A Different Ending – Manipal Hostel Life

The Tagore Block, Manipal Circa 2012. Photo Courtesy: The Journey to Manipal by Ivan Tan http://ivantan5.blogspot.in/2012/09/the-journey-to-manipal.html

I was assigned to cell number 312 at RT Block and given the roll number 011303006 since 12th September 2001 for committing a crime of running away from home on my mum’s birthday (10th September). The prison cell is shared by another guy named Cindy … oops Sin Dee. He committed a crime of … I don’t know… I don’t dare to ask him… but related to murder I guess. The rooms are arranged in a parallel order, separated by a common corridor (Imagine a prison, Alcatraz for example). The corridors are dark. After we enter our rooms, the guard will latch the door and lock it from outside. As it is with any other prison, there are rowdy and uncivilized inmates. Every now and then and on festive occasions loud explosions can be heard from within their cells. How they manage to smuggle in gun-powder to make firecrackers is a mystery to me.

The Tagore Block, Manipal Circa 2012. Photo Courtesy: The Journey to Manipal by Ivan Tan http://ivantan5.blogspot.in/2012/09/the-journey-to-manipal.html
The Tagore Block, Manipal Circa 2012. Photo Courtesy: The Journey to Manipal by Ivan Tan

The first few days after arriving, we were required to register ourselves with the Chief Warden and the Superintendent of Police. If we were to leave this place we were required to get an exit permit and report to the police when we got back. Every morning there were guards knocking at my door and shouting “time to wake up”! They unlocked the door, opened it and made sure you were out of your room, if not they would threaten you with their batons. I had to dress quickly and hurry out of the room. We are provided with barely edible food, but, we must pay for it. On the way to the canteen, there will be guards, all of them armed with a whistle and a baton. The electricity is cut periodically to save power for other areas, areas which are more important than a prison. As usage of many electronic equipments are banned, bribes are to be given to the guards to keep their mouths shut in case of a spot check.

In the canteen, we have to queue up to take the food tray (looks more like a dog food tray but stainless steel about 25 cm diameter). the cups are also made of stainless steel. When there is a fight for food everybody will be beaten up by the guards. The canteen warden will scoop the food for us one by one. (Everyday curry and only one meal has chicken). After we sit at our table, the canteen wardens will throw the cups at you and we have to collect the water ourselves. Everyone has to eat fast, else the guards will start scolding and beating. “Don’t waste Food” is the motto. With the low protein diet that we are provided for our malnourished bodies, how can we escape “Pig Bel” (if infected) when we are freed?

We start classes (Moral Class) at 8 am every morning. We have to enter the class by 7:55 or before the sirens sound. The siren is the same as those used at army camps or factories. When the class starts no one is allowed to visit the washroom or do anything other than pay attention to the rehabilitation classes. We have to sit at these classes for 8 hours every day, they give a break for two hours, which sometimes last for less than an hour. Everyone falls asleep in class, but we have to stay awake at the end of each hour, they call out our numbers. If we miss shouting out when they call, we might have to prolong our prison stay by 6 months to a year. We need to average  atleast 75% shoutouts during the year to avoid a prolonged sentence. After 1700 hrs we are sent back to our cells. So now you can imagine the life we have here.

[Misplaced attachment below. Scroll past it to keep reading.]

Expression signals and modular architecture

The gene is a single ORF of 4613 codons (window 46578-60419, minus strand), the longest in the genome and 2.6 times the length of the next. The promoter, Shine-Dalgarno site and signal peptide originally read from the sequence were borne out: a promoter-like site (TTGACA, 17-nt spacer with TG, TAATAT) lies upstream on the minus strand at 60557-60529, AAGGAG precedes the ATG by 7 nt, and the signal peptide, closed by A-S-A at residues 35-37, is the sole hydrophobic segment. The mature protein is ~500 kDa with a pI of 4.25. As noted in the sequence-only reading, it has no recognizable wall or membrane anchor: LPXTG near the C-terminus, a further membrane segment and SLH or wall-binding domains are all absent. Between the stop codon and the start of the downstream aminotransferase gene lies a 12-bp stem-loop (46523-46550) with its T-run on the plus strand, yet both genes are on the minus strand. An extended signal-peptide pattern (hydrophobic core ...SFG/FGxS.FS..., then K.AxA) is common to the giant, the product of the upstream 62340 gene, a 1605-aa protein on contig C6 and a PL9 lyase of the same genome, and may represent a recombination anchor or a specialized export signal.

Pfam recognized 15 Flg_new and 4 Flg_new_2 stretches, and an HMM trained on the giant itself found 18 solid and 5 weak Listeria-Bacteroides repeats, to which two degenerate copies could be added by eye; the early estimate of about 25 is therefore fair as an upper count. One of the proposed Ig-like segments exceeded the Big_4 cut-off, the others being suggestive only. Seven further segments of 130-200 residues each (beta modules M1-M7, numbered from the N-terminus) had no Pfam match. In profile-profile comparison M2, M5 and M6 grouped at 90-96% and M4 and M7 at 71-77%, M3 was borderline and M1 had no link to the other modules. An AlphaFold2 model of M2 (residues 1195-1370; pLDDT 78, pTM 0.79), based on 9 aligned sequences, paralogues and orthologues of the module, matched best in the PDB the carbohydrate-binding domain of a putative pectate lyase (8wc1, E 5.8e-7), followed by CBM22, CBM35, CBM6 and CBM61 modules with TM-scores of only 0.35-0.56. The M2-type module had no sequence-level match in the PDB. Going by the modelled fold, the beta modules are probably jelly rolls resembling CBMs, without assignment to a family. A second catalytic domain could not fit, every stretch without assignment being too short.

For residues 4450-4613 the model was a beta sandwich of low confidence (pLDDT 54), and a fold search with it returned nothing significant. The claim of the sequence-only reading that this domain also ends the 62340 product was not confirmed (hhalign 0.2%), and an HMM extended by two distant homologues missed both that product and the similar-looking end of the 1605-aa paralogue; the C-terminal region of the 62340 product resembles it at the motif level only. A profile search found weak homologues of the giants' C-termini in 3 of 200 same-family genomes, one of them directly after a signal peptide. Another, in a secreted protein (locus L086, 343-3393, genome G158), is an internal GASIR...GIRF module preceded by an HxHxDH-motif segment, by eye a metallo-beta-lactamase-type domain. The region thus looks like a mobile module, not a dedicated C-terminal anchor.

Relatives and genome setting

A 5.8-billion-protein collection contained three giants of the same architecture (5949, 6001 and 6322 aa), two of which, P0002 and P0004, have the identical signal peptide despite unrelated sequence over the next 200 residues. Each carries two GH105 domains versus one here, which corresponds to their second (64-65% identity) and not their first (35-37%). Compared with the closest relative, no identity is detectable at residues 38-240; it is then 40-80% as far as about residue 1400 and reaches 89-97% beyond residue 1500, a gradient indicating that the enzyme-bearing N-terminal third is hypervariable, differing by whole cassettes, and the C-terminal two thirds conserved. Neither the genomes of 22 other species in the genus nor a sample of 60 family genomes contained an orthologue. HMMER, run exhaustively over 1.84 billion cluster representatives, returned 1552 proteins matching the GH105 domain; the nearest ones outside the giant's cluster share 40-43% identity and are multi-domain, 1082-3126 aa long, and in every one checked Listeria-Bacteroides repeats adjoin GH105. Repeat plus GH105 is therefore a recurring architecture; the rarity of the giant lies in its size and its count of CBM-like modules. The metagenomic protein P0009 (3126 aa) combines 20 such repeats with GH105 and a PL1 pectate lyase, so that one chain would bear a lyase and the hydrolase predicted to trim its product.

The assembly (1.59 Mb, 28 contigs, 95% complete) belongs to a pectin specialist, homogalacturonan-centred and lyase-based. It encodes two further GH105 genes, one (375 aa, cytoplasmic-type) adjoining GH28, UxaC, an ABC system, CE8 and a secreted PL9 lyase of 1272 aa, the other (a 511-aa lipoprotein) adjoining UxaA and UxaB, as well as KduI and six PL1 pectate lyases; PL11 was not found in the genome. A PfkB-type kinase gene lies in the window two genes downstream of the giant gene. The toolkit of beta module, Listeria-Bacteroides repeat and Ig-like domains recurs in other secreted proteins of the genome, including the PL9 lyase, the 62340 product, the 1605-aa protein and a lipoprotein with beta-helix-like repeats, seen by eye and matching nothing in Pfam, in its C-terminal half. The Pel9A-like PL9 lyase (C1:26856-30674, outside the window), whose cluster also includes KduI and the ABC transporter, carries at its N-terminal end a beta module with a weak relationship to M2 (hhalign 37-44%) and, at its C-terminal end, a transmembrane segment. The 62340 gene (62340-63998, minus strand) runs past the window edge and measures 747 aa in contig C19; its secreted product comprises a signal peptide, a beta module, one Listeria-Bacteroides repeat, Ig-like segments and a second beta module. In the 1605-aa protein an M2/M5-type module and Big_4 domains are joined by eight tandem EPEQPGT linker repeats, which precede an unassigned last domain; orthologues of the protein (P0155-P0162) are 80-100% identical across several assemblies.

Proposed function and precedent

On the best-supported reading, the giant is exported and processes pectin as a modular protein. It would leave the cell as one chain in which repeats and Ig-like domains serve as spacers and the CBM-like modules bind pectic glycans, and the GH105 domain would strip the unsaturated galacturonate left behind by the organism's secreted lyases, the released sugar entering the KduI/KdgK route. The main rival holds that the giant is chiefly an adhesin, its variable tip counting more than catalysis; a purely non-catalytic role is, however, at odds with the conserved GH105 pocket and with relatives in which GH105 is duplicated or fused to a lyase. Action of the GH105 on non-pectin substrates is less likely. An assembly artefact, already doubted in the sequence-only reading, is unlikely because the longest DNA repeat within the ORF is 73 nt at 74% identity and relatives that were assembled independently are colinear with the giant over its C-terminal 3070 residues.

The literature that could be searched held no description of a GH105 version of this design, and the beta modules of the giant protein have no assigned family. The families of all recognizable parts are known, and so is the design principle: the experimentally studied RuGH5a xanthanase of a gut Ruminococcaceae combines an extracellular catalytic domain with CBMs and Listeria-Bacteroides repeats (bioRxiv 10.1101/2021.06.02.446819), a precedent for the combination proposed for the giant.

Every midnight the land which lies 200metres above sea level is plunged into darkness. The main switch for the entire town is turned off. Anyone found outside their cells will have to meet the chief warden and await their fate.

The only special part of this prison is that we are not looked down upon in the society when we are freed. We are in fact revered across the lands. All right, I think I’ve talked enough about my daily routine. It is not easy to be a prisoner. So don’t commit crimes. Be happy to be good, strive to be better and never do bad. To all readers, don’t worry… it was not as bad as written here. It is just me  imagining Manipal hostel life from a different perspective. It does feel like a rehabilitation center, but I never felt like it. I was freed from this place, but I never feel away from it even after so many years.

Signing off – Roll number: 011303006

About the Author: The author wishes to be known by the number 011303006. Born and bought up in Malaysia, he is an alumnus of one of the medical colleges at Manipal. He assures us that things were not as bad in the Manipal Hostels as he mentions in the account above.

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